Indeed the clinic feels like a family. Many of the men come with a family member for support, or they meet up with someone they met the previous year. It almost feels like a party when a patient enters the door to start filling out forms. There are also other resources on hand like a nutritionist and vendors offering information about health services in the community.

      Barrett also noted the importance of getting a yearly prostate exam.

      “Men should be screened at the age of 40, (then) yearly,” she said. “Once they are screened the first time, they just need to keep coming up for that screening.”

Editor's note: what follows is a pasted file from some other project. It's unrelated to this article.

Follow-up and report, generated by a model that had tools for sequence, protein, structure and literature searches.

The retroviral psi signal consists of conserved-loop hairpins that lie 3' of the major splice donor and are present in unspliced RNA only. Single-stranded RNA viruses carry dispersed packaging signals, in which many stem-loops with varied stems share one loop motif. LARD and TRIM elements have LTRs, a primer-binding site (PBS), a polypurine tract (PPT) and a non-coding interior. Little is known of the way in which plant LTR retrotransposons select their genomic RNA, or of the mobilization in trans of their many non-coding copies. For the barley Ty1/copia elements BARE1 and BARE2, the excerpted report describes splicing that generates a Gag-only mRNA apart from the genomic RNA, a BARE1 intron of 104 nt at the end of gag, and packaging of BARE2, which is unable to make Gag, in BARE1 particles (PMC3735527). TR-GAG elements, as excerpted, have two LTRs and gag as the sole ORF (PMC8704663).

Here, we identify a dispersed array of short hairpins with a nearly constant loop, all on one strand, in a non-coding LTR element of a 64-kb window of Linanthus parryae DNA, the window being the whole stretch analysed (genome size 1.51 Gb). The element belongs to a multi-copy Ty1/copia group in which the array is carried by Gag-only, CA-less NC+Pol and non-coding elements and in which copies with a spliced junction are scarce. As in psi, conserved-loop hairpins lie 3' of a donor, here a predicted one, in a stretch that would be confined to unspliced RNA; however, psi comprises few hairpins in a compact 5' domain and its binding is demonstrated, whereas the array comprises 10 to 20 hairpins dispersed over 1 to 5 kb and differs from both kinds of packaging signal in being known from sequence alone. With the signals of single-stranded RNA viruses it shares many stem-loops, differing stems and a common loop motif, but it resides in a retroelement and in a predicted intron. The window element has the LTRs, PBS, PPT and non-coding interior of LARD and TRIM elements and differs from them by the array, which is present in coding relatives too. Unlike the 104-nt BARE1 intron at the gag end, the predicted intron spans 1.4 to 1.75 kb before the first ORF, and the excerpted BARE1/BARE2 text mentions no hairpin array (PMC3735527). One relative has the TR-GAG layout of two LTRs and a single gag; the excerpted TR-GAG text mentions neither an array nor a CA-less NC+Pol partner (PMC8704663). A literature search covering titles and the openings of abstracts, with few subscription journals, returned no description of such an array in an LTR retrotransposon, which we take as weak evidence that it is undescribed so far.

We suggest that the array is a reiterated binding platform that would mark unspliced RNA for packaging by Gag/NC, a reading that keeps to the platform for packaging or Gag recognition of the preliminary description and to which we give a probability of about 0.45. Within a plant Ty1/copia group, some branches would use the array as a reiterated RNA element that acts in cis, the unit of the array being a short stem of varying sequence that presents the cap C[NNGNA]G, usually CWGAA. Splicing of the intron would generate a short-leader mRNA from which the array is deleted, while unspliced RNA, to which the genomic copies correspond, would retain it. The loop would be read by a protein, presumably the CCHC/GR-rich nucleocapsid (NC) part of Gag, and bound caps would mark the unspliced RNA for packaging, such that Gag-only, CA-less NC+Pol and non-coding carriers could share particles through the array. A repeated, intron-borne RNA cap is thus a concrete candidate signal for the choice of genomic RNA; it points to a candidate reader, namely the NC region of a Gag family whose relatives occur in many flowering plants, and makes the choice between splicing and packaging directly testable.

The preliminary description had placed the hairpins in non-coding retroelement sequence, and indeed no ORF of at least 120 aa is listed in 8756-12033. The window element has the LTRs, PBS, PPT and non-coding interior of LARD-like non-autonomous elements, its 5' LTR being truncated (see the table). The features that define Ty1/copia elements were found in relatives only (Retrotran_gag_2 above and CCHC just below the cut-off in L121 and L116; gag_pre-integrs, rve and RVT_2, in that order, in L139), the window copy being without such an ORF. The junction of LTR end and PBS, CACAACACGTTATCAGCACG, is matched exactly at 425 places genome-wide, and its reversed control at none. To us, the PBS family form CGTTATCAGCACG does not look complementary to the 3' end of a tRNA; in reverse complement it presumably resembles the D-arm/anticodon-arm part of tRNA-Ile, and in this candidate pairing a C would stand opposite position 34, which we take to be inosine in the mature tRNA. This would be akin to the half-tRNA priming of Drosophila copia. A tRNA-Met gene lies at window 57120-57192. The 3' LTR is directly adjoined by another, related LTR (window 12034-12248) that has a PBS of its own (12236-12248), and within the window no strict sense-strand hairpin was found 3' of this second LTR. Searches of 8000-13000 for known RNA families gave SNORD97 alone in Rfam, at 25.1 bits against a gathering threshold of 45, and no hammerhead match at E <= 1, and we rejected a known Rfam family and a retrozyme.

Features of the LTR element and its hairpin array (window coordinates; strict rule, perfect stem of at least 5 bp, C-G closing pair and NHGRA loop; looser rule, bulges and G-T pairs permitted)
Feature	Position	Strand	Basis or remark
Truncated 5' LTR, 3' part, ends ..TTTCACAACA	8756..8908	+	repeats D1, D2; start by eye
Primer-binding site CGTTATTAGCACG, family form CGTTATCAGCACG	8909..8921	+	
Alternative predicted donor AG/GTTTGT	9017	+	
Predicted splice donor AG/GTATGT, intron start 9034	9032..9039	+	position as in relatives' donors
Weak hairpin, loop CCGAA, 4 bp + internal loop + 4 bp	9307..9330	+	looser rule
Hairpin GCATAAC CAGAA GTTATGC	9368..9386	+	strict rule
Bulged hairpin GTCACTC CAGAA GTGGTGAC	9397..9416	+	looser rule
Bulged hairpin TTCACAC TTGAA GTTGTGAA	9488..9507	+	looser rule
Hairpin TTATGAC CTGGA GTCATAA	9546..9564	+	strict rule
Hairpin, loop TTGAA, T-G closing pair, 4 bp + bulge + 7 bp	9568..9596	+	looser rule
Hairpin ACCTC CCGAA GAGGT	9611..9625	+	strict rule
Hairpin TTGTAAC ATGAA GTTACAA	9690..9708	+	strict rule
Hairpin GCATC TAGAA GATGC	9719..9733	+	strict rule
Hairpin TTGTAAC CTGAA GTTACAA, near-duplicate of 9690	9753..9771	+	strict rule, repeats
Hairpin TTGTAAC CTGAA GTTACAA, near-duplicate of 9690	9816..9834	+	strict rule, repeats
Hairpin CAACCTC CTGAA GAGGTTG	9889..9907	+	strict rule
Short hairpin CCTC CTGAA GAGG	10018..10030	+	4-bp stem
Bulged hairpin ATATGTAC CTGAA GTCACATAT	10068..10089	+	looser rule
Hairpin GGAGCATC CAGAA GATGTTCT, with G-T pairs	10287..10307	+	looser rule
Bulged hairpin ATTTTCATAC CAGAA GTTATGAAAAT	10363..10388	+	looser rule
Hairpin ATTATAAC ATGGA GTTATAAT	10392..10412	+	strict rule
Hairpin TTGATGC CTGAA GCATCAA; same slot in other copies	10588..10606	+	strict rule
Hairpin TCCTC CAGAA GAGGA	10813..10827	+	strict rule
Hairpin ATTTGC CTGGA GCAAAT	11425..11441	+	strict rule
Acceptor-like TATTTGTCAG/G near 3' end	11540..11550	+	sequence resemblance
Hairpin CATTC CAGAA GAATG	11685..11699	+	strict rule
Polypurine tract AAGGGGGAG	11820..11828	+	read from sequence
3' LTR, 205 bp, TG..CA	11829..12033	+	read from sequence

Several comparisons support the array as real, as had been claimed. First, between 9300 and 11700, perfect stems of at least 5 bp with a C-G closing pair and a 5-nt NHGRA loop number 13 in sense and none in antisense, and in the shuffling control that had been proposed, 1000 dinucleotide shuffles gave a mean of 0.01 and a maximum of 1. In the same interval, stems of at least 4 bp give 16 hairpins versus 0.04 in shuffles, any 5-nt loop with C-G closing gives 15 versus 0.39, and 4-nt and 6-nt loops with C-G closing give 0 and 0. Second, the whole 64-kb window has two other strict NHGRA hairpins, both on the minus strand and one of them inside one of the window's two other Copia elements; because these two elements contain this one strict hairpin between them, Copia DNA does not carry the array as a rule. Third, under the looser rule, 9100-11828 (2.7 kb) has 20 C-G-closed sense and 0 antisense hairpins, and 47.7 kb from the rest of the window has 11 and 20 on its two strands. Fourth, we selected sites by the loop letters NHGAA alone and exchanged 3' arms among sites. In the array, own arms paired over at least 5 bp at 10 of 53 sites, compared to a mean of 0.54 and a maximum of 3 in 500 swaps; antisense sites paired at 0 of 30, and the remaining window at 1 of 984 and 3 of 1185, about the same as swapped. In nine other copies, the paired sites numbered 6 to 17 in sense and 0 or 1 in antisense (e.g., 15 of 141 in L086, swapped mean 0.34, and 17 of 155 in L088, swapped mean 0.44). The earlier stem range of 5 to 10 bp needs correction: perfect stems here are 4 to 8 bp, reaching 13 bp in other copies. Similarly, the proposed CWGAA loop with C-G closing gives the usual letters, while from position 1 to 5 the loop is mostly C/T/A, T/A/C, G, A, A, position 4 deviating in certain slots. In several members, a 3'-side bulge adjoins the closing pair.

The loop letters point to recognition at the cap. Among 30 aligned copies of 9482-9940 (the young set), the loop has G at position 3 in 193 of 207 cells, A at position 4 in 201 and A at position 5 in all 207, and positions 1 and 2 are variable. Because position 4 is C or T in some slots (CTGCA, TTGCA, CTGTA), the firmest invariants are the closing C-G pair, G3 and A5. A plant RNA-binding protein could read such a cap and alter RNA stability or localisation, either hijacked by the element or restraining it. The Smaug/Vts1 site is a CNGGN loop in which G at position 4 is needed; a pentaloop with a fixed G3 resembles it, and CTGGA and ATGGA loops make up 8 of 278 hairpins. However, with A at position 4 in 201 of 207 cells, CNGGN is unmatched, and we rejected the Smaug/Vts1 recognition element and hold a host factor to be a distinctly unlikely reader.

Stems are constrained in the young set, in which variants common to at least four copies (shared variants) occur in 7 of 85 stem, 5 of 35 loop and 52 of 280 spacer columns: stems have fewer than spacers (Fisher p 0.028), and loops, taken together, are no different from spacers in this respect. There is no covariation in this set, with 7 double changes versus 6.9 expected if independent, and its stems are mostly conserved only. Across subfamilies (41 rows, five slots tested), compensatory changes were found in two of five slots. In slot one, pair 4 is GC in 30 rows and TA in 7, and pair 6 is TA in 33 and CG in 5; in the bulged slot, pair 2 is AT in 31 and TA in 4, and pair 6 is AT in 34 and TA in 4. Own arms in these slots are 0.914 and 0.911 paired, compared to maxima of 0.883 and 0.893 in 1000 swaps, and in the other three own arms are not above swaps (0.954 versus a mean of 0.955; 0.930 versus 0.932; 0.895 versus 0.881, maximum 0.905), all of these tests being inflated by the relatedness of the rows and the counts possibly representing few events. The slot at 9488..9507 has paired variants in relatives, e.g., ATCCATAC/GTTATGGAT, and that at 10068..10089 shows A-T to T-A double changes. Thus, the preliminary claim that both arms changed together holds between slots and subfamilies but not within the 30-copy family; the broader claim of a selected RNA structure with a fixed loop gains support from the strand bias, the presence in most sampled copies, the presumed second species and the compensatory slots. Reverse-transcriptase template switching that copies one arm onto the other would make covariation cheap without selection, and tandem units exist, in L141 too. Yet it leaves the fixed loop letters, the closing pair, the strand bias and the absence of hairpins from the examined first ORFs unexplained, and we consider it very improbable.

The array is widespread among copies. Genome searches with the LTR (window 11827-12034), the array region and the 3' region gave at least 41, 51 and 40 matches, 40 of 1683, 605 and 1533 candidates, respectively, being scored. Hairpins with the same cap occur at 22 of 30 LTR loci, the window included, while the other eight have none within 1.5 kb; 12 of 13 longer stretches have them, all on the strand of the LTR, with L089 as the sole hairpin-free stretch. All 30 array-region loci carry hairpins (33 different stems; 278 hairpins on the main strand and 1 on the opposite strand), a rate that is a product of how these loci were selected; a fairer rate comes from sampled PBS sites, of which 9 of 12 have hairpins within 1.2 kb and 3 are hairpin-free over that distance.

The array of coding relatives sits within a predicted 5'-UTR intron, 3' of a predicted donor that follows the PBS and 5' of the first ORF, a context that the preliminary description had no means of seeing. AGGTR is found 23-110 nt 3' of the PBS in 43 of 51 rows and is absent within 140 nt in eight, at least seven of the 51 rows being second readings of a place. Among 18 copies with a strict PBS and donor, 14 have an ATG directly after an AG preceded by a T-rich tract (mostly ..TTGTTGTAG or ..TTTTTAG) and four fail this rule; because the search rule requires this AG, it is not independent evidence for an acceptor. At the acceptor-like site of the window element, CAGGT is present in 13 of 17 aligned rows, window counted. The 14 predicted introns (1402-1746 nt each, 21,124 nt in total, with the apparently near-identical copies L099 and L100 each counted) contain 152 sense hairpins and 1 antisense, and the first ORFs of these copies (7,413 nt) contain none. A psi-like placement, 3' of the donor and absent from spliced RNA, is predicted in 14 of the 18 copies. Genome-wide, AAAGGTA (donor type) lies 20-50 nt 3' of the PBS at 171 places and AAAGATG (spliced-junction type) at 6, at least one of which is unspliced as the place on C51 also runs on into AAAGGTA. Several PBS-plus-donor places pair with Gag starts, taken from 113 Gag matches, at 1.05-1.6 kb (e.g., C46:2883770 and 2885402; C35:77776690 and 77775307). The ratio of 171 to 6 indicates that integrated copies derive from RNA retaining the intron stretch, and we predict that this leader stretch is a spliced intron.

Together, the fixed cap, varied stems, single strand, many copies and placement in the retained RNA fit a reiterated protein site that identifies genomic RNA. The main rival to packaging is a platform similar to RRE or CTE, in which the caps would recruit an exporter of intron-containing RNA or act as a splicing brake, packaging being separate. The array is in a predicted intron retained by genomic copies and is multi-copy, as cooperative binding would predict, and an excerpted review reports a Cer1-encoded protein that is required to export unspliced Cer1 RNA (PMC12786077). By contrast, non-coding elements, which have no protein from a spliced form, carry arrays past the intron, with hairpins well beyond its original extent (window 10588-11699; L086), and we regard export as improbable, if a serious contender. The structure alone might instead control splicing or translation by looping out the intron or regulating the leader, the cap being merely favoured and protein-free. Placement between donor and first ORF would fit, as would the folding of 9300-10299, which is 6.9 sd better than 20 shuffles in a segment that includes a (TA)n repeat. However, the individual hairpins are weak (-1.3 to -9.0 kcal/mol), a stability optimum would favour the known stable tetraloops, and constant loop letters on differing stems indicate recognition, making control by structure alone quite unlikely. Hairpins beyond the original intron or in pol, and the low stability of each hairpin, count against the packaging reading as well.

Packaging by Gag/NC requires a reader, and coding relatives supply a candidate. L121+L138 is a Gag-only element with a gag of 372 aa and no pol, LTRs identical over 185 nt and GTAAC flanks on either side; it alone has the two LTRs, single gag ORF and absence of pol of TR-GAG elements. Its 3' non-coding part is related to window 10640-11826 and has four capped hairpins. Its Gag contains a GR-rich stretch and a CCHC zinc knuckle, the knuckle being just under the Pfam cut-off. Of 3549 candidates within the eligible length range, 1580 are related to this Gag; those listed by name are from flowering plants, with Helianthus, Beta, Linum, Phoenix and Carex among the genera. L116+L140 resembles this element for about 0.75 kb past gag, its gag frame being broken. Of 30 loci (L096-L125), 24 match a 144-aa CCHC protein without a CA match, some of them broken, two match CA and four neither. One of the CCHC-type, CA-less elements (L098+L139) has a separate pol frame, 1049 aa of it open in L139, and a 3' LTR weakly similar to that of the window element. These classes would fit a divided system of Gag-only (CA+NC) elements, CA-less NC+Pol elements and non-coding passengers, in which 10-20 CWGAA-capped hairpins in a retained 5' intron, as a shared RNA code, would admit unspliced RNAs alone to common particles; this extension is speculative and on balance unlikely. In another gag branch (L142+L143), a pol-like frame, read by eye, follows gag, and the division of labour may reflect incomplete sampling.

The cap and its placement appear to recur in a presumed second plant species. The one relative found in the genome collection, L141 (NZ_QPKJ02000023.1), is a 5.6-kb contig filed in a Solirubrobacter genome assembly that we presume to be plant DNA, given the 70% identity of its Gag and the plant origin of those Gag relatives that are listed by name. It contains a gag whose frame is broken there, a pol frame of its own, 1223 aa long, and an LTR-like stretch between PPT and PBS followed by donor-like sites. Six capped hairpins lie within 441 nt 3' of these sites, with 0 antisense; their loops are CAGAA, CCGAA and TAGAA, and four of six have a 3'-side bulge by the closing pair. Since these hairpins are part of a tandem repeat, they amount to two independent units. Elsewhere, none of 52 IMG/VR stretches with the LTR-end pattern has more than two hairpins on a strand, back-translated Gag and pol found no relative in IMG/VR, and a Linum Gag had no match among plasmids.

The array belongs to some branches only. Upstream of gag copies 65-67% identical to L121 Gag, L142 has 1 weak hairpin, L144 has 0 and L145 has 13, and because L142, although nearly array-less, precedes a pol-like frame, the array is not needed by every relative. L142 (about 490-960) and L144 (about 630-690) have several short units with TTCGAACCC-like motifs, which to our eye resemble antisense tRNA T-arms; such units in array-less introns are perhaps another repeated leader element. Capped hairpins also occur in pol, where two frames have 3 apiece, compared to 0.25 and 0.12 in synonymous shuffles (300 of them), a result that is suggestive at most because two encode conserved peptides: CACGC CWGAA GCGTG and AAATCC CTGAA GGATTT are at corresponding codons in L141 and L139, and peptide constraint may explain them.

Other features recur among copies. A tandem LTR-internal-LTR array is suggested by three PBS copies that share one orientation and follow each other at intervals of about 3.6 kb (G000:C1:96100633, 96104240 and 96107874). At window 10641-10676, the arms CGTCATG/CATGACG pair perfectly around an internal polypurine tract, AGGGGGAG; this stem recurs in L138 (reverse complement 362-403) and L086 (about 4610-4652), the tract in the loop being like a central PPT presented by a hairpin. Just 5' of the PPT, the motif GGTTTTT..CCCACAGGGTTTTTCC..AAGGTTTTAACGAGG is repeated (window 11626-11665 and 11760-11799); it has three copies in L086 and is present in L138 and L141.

She added that African-American men should be tested earlier than 40 because they are at increased risk for prostate cancer.

      Since Harris has been a regular at the clinic for years now, he offered his own advice to newcomers.

      “Consider the (doctor) recommendations,” he said. A patient doesn’t have to get the treatment a doctor suggests, but even considering it can help in the long run.

      “The sooner someone is diagnosed with some type of chronic diseases it helps longevity of life,” Barrett said.

      The health clinic continues from noon to 4 p.m. today at Duke Medical Center Clinics 2B and 2C.


      Article source:

      Nonprofit Spotlight: Lansing Latino Health Alliance